Coffin chaos: Outrage in Chinese province over ‘cremation only’ law (PHOTOS)

Coffin chaos: Outrage in Chinese province over ‘cremation only’ law (PHOTOS)
Coffins being smashed and locals lying in funerary boxes in an attempt to keep them – this is not some far-fetched horror, but a real-life drama unfolding in a Chinese province that is trying to enforce a ‘cremation only’ rule.

The drastic measures were introduced in several counties in southeastern Jiangxi province earlier this year. By September 1, local authorities aim to have made cremation the only approved method of disposing of bodies. Officials explain that the rule is the only way to save land in a province with over 45 million residents.

Photos and videos on social media show the “zero burial” policy in full swing – officials are seen entering villages, confiscating coffins that people have prepared from their homes. The coffins are then piled up and smashed by excavators.

Locals there don’t seem ready to give up traditional practices easily, however. Some were trying to stop the destruction by climbing inside coffins, but were pulled out by force. Some poor households have spent their whole lives saving up to buy coffins for their family, the South China Morning Post reported

It’s tradition among many to buy coffins as soon as they turn 60 and keep them at home, as it’s believed that this brings good fortune and a longer life. One man told SCMP that authorities confiscated coffins from his grandparents who are in their 70s. “These coffins had been stored in ancestral halls and had been with my grandparents for more than 30 years, as they were made by carpenters using wood grown from our own land,” he said. According to the villager, tombstones are also being banned.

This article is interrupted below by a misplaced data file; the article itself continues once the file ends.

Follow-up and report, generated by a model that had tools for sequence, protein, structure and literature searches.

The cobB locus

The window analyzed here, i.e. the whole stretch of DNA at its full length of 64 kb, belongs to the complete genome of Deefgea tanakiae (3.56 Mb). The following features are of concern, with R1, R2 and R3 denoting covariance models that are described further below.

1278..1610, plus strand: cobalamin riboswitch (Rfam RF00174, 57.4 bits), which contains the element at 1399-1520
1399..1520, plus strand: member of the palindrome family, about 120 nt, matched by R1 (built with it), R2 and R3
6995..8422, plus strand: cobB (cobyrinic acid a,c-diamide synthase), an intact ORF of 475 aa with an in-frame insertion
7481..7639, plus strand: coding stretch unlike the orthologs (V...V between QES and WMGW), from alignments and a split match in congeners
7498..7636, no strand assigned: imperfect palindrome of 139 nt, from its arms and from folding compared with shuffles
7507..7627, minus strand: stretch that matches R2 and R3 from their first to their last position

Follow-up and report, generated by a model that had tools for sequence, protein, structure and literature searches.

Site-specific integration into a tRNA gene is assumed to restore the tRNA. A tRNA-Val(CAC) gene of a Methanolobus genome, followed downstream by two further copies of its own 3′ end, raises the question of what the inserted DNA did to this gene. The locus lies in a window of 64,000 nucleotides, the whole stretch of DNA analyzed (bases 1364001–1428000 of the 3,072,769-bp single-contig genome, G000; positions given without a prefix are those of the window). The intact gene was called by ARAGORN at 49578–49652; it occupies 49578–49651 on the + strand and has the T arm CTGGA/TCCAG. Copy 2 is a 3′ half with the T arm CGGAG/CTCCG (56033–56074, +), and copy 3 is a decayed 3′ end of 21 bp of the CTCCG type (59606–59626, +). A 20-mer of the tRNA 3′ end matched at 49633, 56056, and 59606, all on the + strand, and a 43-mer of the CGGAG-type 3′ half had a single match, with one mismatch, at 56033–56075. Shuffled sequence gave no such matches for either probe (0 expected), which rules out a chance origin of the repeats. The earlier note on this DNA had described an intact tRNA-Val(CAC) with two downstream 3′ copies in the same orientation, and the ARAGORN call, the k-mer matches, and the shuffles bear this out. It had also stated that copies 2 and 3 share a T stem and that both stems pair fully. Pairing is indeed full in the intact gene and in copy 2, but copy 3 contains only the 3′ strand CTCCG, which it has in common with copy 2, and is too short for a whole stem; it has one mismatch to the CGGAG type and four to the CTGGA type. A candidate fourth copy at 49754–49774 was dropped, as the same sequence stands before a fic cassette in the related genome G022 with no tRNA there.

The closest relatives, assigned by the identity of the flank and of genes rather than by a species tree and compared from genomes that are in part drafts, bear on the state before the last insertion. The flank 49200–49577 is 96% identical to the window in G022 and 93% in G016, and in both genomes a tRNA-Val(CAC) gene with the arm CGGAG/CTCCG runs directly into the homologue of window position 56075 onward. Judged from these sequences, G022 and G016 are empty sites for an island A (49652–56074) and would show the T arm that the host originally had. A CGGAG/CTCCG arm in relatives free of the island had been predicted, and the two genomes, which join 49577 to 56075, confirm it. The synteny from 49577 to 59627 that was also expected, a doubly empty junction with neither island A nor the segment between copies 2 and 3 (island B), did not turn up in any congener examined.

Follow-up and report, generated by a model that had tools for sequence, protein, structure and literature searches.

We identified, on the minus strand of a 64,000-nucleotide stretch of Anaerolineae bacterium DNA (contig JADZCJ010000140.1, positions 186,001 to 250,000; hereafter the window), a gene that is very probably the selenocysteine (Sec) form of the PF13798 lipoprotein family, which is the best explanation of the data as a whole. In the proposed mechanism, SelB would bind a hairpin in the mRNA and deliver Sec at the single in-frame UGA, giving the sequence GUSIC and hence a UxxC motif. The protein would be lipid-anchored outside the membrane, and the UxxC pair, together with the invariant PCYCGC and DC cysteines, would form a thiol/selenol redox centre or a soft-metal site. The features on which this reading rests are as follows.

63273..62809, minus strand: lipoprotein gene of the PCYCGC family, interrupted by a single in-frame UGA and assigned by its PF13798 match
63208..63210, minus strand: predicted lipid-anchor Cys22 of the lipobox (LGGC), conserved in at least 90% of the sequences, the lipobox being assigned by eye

The Global Times and Sina Online even reported rumors that authorities would dig up buried corpses and cremate them. The alleged exhumation has been captured on unverified videos on Twitter, but nothing of the sort has been confirmed by the authorities. 

An unnamed employee of the Ji'an county crematorium stressed that the authorities still “need the death certificates and family members’ signatures to approve the cremation.”
Authorities insist that people voluntarily handed over 5,800 coffins in Gaoan county, SCMP said, citing Thepaper.cn news portal. Officials in some areas also offered up to 2,000 yuan (US$290) per coffin as compensation. “It was the government’s intention to introduce environmentally friendly funeral practices, but it has gone overboard and created resentment,” Lu Liangbiao, a native of Jiangxi, said.

According to Zhu Wei, a professor at the China University of Political Science and Law, such a reform should be gradually implemented. “The green funeral reform is part of China’s development but should strike a balance with tradition,” Zhu told Global Times, adding that people need up to 20 years “to accept the change.” 

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